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Huang v. Administrative Review Board U.S. Department of Labor

United States District Court, Fifth Circuit

December 5, 2013



LEE H. ROSENTHAL, District Judge.

In this suit, the petitioner, Dongsheng Huang, proceeding pro se, challenged parts of the Department of Labor (DOL) Administrative Review Board (ARB)'s ruling affirming the Administrative Law Judge (ALJ)'s decision that Huang was entitled to receive over $150, 000.00 from his former employer, Ultimo Software Solutions, Inc. Huang sought an order directing the ARB to change its ruling, including by awarding him more compensatory damages for front pay, back pay, and pain and suffering; awarding him punitive damages of $5, 000, 000.00; and expunging government records about his employment. Huang also challenged the interest calculation on the award. Finally, he alleged that the DOL Wage & Hour Administrator had a statutory duty to participate directly in the administrative proceedings and failed to perform that duty. (Docket Entries No. 57-60).

In a 16-page Memorandum and Opinion, this court granted the ARB's motion to dismiss Huang's complaint. Huang has moved to alter the judgment and has supplemented that motion. (Docket Entry No. 63, 64). The ARB has responded, (Docket Entry No. 75), and Huang has replied, (Docket Entry No. 76). For the reasons explained in detail below, Huang's motion is denied.

I. The Rule 59(e) Standard

A motion seeking reconsideration under Federal Rule of Civil Procedure 59(e) "should not be granted unless there is: (1) an intervening change in controlling law; (2) the availability of new evidence not previously available; [or] (3) the need to correct a clear error of law or fact or to prevent a manifest injustice." Brown v. Mississippi Co-op Extension Service, 89 Fed.Appx. 437, 439 (5th Cir.2004) (citing Schiller v. Physicians Resource Group, Inc., 342 F.3d 563, 567 (5th Cir.2003)). A motion to reconsider "cannot be used to raise arguments which could, and should, have been made before the judgment issued." Rosenzweig v. Azurix Corp., 332 F.3d 854, 863 (5th Cir.2003). A district court has discretion in deciding whether to grant the motion. Weber v. Roadway Exp., Inc., 199 F.3d 270, 276 (5th Cir.2000). None of these factors warrant reconsideration in this case.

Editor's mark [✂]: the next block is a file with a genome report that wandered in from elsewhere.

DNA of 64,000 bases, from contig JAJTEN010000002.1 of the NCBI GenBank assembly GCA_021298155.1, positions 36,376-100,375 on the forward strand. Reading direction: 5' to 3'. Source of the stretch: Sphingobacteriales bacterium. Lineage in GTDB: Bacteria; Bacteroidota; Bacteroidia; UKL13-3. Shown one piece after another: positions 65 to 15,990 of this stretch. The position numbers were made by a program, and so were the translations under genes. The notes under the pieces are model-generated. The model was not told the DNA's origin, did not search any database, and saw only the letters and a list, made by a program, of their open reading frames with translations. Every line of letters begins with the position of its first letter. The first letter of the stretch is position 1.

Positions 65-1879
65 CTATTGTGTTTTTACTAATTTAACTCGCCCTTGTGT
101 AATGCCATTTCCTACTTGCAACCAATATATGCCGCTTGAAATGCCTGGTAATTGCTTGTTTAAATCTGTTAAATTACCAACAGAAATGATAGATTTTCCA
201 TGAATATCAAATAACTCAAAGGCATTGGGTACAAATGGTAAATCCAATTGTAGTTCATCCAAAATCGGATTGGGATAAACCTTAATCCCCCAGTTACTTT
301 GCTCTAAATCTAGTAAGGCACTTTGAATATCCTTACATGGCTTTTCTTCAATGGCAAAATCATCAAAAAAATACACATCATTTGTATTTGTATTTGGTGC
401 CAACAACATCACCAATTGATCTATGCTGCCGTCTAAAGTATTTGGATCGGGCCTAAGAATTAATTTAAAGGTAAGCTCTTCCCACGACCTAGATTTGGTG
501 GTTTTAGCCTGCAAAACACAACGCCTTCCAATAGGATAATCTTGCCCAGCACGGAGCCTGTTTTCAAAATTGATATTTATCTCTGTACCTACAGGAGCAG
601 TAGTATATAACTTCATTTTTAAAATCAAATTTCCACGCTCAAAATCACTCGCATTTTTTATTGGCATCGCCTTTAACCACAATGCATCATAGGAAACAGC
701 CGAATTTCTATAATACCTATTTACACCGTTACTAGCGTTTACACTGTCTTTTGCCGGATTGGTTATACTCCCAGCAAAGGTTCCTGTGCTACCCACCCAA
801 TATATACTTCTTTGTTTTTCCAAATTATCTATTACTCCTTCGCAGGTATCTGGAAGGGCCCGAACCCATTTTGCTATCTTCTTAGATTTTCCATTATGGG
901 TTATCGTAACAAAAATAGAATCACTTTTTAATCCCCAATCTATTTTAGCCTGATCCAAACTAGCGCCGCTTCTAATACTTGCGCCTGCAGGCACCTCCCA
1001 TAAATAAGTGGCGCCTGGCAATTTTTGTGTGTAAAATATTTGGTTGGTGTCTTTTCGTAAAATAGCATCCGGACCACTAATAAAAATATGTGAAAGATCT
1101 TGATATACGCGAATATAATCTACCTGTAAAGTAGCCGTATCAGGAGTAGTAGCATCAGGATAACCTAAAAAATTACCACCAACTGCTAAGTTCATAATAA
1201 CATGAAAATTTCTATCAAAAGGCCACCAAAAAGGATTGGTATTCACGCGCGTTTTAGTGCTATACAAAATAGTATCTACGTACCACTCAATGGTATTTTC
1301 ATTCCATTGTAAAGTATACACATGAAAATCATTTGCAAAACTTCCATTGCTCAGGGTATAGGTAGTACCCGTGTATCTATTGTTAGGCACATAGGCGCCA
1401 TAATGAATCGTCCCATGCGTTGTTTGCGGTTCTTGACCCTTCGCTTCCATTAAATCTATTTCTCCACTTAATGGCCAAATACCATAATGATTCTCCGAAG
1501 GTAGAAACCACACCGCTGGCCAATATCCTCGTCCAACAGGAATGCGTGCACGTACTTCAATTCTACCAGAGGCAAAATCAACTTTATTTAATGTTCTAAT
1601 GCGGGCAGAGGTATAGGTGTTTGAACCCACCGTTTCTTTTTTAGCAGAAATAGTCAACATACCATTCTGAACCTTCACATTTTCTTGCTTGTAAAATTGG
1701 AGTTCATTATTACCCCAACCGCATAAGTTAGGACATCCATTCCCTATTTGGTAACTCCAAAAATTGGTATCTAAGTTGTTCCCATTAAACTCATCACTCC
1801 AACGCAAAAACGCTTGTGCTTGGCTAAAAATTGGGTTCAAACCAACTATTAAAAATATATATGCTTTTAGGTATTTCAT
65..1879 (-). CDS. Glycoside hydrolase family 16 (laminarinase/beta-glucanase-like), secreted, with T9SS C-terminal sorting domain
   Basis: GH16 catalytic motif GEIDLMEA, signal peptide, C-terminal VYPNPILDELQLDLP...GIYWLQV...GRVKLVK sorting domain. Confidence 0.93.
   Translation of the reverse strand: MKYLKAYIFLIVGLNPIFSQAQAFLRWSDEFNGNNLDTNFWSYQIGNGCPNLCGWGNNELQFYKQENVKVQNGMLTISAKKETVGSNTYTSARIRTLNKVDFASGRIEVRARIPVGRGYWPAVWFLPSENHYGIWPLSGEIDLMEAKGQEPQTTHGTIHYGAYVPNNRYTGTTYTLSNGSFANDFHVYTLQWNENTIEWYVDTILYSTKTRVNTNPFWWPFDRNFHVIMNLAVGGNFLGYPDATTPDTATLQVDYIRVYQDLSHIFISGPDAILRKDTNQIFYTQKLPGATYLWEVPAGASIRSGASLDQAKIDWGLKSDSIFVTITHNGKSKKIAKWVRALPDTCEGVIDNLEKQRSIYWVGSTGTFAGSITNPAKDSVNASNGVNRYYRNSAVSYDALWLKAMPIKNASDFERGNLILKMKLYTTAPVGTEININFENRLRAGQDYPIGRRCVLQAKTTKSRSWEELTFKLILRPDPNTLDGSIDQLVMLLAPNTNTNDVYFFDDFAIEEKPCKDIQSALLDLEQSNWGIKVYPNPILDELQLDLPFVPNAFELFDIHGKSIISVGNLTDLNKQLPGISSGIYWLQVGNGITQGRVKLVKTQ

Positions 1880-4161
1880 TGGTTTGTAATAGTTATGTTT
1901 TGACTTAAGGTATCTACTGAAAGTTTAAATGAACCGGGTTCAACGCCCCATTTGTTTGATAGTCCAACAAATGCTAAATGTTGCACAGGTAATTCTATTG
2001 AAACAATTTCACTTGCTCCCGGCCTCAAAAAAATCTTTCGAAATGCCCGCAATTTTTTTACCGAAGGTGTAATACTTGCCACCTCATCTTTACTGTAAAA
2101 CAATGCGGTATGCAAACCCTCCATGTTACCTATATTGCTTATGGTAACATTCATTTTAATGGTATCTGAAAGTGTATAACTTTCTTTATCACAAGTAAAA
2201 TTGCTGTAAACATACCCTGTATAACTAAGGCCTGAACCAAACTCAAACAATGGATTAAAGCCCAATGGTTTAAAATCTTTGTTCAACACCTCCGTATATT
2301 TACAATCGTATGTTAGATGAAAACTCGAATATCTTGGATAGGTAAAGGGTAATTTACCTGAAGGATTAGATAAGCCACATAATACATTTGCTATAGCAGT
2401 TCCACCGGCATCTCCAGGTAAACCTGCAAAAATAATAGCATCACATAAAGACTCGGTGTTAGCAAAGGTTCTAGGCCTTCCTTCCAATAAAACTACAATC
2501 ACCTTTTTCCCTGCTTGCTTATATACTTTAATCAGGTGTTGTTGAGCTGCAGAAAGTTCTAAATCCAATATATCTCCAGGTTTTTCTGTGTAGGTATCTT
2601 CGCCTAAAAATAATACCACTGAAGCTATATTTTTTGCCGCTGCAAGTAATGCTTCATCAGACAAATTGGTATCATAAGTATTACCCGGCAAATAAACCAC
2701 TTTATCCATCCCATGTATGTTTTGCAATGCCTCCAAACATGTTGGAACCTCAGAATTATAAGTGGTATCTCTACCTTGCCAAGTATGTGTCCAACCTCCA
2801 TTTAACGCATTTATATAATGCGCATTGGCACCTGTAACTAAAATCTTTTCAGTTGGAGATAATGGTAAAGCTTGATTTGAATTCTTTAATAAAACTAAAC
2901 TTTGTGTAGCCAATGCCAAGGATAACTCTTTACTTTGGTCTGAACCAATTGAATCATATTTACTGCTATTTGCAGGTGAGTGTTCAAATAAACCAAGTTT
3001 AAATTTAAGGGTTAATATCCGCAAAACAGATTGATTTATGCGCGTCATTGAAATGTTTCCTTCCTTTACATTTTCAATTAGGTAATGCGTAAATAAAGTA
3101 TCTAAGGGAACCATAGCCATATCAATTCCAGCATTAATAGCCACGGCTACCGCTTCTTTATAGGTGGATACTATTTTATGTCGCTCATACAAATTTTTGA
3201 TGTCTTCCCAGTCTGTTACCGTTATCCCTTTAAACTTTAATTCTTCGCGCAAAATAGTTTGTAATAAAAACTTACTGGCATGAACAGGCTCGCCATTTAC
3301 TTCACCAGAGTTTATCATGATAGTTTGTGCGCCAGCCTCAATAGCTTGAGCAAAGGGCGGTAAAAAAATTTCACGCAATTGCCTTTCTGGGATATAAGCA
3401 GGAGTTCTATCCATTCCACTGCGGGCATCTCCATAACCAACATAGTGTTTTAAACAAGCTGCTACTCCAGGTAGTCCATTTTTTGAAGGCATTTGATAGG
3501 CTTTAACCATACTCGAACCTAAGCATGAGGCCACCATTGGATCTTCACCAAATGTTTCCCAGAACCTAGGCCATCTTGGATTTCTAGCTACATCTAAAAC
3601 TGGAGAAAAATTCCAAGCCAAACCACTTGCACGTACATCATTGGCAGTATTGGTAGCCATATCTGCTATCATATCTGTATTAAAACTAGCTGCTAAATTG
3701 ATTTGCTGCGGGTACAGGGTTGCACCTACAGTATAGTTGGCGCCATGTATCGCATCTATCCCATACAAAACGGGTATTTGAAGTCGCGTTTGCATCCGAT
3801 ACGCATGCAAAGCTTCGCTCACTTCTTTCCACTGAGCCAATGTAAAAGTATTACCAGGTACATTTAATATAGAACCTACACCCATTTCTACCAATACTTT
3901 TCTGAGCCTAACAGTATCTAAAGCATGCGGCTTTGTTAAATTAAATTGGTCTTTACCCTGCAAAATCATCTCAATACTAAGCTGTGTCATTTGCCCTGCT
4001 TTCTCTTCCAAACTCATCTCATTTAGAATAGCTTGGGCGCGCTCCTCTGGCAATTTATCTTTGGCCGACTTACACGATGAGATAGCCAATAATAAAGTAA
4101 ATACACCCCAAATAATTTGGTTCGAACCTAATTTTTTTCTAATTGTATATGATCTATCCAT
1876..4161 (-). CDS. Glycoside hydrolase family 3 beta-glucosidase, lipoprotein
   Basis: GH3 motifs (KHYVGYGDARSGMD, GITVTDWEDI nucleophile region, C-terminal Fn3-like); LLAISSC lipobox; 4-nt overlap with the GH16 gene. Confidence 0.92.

II. Analysis

A. Huang's Claim that He Was Entitled to Amend Again

Huang argues that he was entitled to file a second amended complaint different from his proposed second amended complaint. (Docket Entry No. 63, at 2). This argument is without merit. The amended complaint Huang now asserts he should have been allowed to file was not attached to a motion seeking leave to file.[1] Huang has not explained how a second amended complaint that was not filed would have been different from the proposed amended complaint he did file or why he should have been allowed to file a different amended complaint. He does not provide a basis for the relief he seeks.

B. Huang's Claim that the Court Erred in Referring Collectively to the Respondents as "ARB"

Footnote three of the court's Memorandum and Opinion stated that "Huang also sued the United States Secretary of Labor. For clarity's sake, this Memorandum and Opinion refers to the defendants collectively as the ARB." (Docket Entry No. 61 at 5, n.3). The court made it clear that "ARB" referred to both the ARB and Secretary of Labor. In his motion, Huang appears to claim that this was error. There is no support for this claim and no basis for the relief Huang seeks.

C. The Motion to Strike

Footnote two of the court's Memorandum and Opinion stated that "Huang also moved to strike the motion to dismiss as untimely because it was filed one day late.... Huang has not shown that he was prejudiced by the late filing. The motion to strike will be denied." (Docket Entry No. 61 at 2, n.2). Huang claims that this ruling was erroneous because he was prejudiced by the late filing in that the court considered the arguments it presented. (Docket Entry No. 63, at 3-4). This is not prejudice, as a matter of law. Huang has not shown how he was unduly prejudiced by having the motion to dismiss filed 47 days instead of 45 days after he filed his first amended complaint. Huang was given the full amount of time to respond to the motion and did file a response. This claim is not a basis for relief.

D. Huang's Claim of Erroneous Dismissal Under Rule 12(b)(7)

Rule 12(b)(7) allows dismissal for failure to join a party under Rule 19 of the Federal Rules of Civil Procedure. Huang claims that because his claim was brought under the APA, a third party cannot be necessary. (Docket Entry No. 63, at 5). The fact that an APA claim is initially brought against government officials does not preclude joining third parties. See St. Pierre v Norton, 498 F.Supp.2d 214 (D. D.C. 2007); South Carolina Wildlife Federation v. South Carolina Dept. of Transp., 485 F.Supp.2d 661 (D. S.C. 2007), aff'd in part, 549 F.3d 324 (4th Cir. 2008); Lac Du Flambeau Band of Lake Superior Chippewa Indians v. Norton, ...

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